The 'way it's done' is to use homogenous transformations and coordinates. You take a point in space and:

- Position it relative to the camera using the model matrix.
- Project it either orthographically or in perspective using the projection matrix.
- Apply the viewport trnasformation to place it on the screen.

This gets pretty vague, but I'll try and cover the important bits and leave some of it to you. I assume you understand the basics of matrix math :).

**Homogenous Vectors, Points, Transformations**

In 3D, a homogenous point would be a column matrix of the form [x, y, z, 1]. The final component is 'w', a scaling factor, which for vectors is 0: this has the effect that you can't translate vectors, which is mathematically correct. We won't go there, we're talking points.

Homogenous transformations are 4x4 matrices, used because they allow translation to be represented as a matrix multiplication, rather than an addition, which is nice and quick for your videocard. Also convenient because we can represent successive transformations by multiplying them together. We apply transformations to points by performing transformation * point.

There are 3 primary homogeneous transformations:

There are others, notably the 'look at' transformation, which are worth exploring. However, I just wanted to give a brief list and a few links. Successive application of moving, scaling and rotating applied to points is collectively the model transformation matrix, and places them in the scene, relative to the camera. It's important to realise what we're doing is akin to moving objects around the camera, not the other way around.

**Orthographic and Perspective**

To transform from world coordinates into screen coordinates, you would first use a projection matrix, which commonly, come in two flavors:

- Orthographic, commonly used for 2D and CAD.
- Perspective, good for games and 3D environments.

An orthographic projection matrix is constructed as follows:

Where parameters include:

**Top**: The Y coordinate of the top edge of visible space.
**Bottom**: The Y coordinate of the bottom edge of the visible space.
**Left**: The X coordinate of the left edge of the visible space.
**Right**: The X coordinate of the right edge of the visible space.

I think that's pretty simple. What you establish is an area of space that is going to appear on the screen, which you can clip against. It's simple here, because the area of space visible is a rectangle. Clipping in perspective is more complicated because the area which appears on screen or the viewing volume, is a frustrum.

If you're having a hard time with the wikipedia on perspective projection, Here's the code to build a suitable matrix, courtesy of geeks3D

```
void BuildPerspProjMat(float *m, float fov, float aspect,
float znear, float zfar)
{
float xymax = znear * tan(fov * PI_OVER_360);
float ymin = -xymax;
float xmin = -xymax;
float width = xymax - xmin;
float height = xymax - ymin;
float depth = zfar - znear;
float q = -(zfar + znear) / depth;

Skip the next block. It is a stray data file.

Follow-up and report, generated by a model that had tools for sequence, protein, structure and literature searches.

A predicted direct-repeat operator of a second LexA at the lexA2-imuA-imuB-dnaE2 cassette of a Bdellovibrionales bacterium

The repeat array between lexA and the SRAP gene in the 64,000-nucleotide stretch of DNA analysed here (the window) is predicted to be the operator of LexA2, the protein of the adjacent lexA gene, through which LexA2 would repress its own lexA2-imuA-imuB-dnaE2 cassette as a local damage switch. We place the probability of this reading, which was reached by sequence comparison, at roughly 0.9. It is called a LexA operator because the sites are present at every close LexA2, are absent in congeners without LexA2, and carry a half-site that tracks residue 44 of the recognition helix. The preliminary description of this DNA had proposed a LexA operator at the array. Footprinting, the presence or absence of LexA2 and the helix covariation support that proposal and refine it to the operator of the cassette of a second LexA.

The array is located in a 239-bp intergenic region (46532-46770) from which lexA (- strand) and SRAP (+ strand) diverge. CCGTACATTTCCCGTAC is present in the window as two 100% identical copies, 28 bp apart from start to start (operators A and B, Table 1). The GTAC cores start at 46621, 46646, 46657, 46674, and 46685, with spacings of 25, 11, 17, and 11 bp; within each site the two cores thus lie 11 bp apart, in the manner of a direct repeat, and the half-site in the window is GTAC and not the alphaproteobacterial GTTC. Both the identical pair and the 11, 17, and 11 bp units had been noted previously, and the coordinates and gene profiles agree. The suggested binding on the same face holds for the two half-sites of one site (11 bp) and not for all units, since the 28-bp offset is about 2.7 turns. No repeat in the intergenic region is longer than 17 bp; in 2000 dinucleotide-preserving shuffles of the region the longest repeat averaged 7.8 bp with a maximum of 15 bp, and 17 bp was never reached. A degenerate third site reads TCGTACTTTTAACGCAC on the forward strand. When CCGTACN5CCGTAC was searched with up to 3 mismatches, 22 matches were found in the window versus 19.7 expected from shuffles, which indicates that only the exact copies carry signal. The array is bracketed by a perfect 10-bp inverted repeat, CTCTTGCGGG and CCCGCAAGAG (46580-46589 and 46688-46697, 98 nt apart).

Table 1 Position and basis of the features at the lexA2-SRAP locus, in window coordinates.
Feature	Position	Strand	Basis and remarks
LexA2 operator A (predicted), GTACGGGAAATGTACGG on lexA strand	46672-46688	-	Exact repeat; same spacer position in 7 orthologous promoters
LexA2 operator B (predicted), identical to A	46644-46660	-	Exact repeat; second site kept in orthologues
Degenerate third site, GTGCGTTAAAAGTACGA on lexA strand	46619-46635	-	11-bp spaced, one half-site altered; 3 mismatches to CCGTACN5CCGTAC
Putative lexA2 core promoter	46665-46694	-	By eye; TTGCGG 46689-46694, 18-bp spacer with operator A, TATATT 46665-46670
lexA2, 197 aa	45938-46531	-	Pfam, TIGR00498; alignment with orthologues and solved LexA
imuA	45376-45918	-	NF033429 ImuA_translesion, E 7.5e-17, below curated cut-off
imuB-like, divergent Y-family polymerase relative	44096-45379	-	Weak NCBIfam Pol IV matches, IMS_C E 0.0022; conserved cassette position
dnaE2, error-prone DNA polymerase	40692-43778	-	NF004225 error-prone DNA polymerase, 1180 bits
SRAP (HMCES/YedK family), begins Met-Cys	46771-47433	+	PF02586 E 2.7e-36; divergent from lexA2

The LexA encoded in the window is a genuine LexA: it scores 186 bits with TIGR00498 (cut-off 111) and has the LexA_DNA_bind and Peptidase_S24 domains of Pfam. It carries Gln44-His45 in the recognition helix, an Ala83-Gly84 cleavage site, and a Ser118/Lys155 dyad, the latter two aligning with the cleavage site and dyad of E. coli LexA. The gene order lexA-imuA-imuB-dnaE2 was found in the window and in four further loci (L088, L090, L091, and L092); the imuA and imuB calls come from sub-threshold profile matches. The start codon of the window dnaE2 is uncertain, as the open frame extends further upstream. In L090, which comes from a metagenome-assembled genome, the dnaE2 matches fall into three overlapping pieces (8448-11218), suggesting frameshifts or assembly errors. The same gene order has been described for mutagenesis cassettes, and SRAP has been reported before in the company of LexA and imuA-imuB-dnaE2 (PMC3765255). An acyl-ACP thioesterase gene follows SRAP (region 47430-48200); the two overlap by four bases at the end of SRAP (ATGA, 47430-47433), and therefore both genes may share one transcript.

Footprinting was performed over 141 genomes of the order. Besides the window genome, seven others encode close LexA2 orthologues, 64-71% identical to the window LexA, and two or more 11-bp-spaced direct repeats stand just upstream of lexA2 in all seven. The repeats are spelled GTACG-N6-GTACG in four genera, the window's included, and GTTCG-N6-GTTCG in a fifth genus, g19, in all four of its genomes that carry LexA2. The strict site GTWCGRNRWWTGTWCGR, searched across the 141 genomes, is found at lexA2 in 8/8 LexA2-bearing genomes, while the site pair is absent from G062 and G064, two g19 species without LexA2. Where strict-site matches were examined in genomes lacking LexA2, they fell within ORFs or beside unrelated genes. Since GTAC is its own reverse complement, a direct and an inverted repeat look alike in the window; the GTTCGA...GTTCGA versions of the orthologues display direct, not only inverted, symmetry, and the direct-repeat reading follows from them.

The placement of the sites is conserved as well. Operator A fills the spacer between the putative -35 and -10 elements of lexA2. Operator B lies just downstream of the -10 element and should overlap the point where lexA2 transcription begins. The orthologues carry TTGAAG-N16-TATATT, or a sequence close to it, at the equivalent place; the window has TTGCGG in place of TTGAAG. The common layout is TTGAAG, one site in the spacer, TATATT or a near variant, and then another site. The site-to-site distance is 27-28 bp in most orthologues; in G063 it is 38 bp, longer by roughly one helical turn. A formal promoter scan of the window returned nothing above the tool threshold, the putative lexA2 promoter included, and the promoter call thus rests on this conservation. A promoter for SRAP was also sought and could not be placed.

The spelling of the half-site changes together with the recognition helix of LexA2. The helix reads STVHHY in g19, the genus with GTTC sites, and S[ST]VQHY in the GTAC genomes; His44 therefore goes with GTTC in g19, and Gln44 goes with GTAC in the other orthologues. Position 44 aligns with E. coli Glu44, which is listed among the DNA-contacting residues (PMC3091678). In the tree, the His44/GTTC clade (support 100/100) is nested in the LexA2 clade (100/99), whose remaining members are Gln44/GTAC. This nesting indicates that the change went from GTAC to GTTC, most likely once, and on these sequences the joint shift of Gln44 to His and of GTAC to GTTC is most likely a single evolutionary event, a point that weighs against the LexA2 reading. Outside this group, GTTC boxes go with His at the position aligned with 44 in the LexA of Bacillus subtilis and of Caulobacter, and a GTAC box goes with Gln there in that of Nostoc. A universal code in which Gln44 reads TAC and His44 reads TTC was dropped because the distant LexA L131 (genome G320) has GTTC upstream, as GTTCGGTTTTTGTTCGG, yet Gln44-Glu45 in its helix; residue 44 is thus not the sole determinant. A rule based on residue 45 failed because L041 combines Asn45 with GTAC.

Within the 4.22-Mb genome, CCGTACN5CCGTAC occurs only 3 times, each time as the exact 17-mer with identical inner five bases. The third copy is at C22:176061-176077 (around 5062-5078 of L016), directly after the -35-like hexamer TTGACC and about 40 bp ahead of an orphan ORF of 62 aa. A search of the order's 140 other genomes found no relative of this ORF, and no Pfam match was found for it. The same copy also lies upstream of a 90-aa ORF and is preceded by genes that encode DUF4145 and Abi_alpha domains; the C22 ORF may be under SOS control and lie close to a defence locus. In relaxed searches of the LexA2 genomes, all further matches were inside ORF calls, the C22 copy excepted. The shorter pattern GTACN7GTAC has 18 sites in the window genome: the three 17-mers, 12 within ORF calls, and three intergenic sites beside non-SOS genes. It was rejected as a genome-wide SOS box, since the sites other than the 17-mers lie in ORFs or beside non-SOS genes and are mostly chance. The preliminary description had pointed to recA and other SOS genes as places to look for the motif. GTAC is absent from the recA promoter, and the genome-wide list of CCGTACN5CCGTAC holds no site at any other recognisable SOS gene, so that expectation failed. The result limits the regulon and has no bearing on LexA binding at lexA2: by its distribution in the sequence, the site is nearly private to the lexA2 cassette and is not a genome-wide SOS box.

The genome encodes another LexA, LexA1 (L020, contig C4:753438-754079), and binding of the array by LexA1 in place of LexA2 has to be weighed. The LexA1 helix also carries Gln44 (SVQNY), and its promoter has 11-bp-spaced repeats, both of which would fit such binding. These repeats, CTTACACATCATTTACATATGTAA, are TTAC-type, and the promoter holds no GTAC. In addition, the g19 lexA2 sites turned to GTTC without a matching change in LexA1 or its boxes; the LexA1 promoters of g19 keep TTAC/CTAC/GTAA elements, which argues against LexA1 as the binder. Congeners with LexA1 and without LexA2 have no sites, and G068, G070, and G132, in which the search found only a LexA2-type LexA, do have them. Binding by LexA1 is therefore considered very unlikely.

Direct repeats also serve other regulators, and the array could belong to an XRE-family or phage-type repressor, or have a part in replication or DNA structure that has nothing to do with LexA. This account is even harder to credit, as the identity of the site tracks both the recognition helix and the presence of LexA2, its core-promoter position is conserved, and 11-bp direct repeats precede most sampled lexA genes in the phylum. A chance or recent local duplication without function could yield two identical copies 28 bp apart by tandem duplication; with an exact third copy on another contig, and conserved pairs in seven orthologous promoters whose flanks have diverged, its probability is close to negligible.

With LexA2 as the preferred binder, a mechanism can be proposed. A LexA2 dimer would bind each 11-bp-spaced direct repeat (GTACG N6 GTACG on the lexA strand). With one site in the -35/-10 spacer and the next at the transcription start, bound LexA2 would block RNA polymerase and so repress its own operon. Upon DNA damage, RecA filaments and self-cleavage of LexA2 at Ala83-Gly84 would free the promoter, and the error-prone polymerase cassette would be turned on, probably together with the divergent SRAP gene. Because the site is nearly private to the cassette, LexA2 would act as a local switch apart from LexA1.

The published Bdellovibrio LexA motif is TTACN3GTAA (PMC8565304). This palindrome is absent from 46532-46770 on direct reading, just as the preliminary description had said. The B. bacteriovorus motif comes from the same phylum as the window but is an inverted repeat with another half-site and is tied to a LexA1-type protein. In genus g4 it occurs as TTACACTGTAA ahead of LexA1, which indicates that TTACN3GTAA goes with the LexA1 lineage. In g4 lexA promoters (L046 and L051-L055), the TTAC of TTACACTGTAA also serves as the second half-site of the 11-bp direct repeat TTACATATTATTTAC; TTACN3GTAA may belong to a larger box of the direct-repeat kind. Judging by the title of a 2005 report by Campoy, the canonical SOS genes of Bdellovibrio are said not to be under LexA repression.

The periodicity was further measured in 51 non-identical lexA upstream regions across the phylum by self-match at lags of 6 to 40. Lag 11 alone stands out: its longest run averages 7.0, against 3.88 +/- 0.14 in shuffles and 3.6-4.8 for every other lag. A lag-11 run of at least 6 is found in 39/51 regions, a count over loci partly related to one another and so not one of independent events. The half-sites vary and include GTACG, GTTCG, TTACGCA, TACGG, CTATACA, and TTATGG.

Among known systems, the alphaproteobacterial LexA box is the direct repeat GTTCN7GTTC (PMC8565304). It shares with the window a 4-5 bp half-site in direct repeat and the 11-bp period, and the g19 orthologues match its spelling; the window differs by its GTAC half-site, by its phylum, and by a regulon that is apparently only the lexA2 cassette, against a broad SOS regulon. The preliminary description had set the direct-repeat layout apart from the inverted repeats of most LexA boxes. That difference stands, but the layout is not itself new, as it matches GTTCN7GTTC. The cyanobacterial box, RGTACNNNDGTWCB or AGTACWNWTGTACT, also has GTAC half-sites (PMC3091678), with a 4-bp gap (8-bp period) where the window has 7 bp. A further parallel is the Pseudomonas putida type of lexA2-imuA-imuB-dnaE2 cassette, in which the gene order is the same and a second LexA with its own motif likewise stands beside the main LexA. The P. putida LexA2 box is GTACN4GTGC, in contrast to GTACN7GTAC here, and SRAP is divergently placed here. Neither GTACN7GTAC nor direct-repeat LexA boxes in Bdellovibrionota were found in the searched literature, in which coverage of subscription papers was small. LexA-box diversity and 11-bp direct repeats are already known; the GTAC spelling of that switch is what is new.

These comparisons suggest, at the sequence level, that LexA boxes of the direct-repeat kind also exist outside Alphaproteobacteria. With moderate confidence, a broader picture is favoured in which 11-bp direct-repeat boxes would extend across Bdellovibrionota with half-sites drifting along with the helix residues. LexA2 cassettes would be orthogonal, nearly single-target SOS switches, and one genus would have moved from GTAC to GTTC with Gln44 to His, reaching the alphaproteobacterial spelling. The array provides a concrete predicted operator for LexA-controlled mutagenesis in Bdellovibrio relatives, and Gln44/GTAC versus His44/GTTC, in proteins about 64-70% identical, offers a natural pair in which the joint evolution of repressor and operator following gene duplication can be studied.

float qn = -2 * (zfar * znear) / depth;
float w = 2 * znear / width;
w = w / aspect;
float h = 2 * znear / height;
m[0] = w;
m[1] = 0;
m[2] = 0;
m[3] = 0;
m[4] = 0;
m[5] = h;
m[6] = 0;
m[7] = 0;
m[8] = 0;
m[9] = 0;
m[10] = q;
m[11] = -1;
m[12] = 0;
m[13] = 0;
m[14] = qn;
m[15] = 0;
}
```

Variables are:

**fov**: Field of view, pi/4 radians is a good value.
**aspect**: Ratio of height to width.
**znear, zfar**: used for clipping, I'll ignore these.

and the matrix generated is column major, indexed as follows in the above code:

```
0 4 8 12
1 5 9 13
2 6 10 14
3 7 11 15
```

**Viewport Transformation, Screen Coordinates**

Both of these transformations require another matrix matrix to put things in screen coordinates, called the viewport transformation. That's described here, I won't cover it (it's dead simple).

Thus, for a point p, we would:

- Perform model transformation matrix * p, resulting in pm.
- Perform projection matrix * pm, resulting in pp.
- Clipping pp against the viewing volume.
- Perform viewport transformation matrix * pp, resulting is ps: point on screen.

**Summary**

I hope that covers most of it. There are holes in the above and it's vague in places, post any questions below. This subject is usually worthy of a whole chapter in a textbook, I've done my best to distill the process, hopefully to your advantage!

I linked to this above, but I strongly suggest you read this, and download the binary. It's an excellent tool to further your understanding of theses transformations and how it gets points on the screen:

http://www.songho.ca/opengl/gl_transform.html

As far as actual work, you'll need to implement a 4x4 matrix class for homogeneous transformations as well as a homogeneous point class you can multiply against it to apply transformations (remember, [x, y, z, 1]). You'll need to generate the transformations as described above and in the links. It's not all that difficult once you understand the procedure. Best of luck :).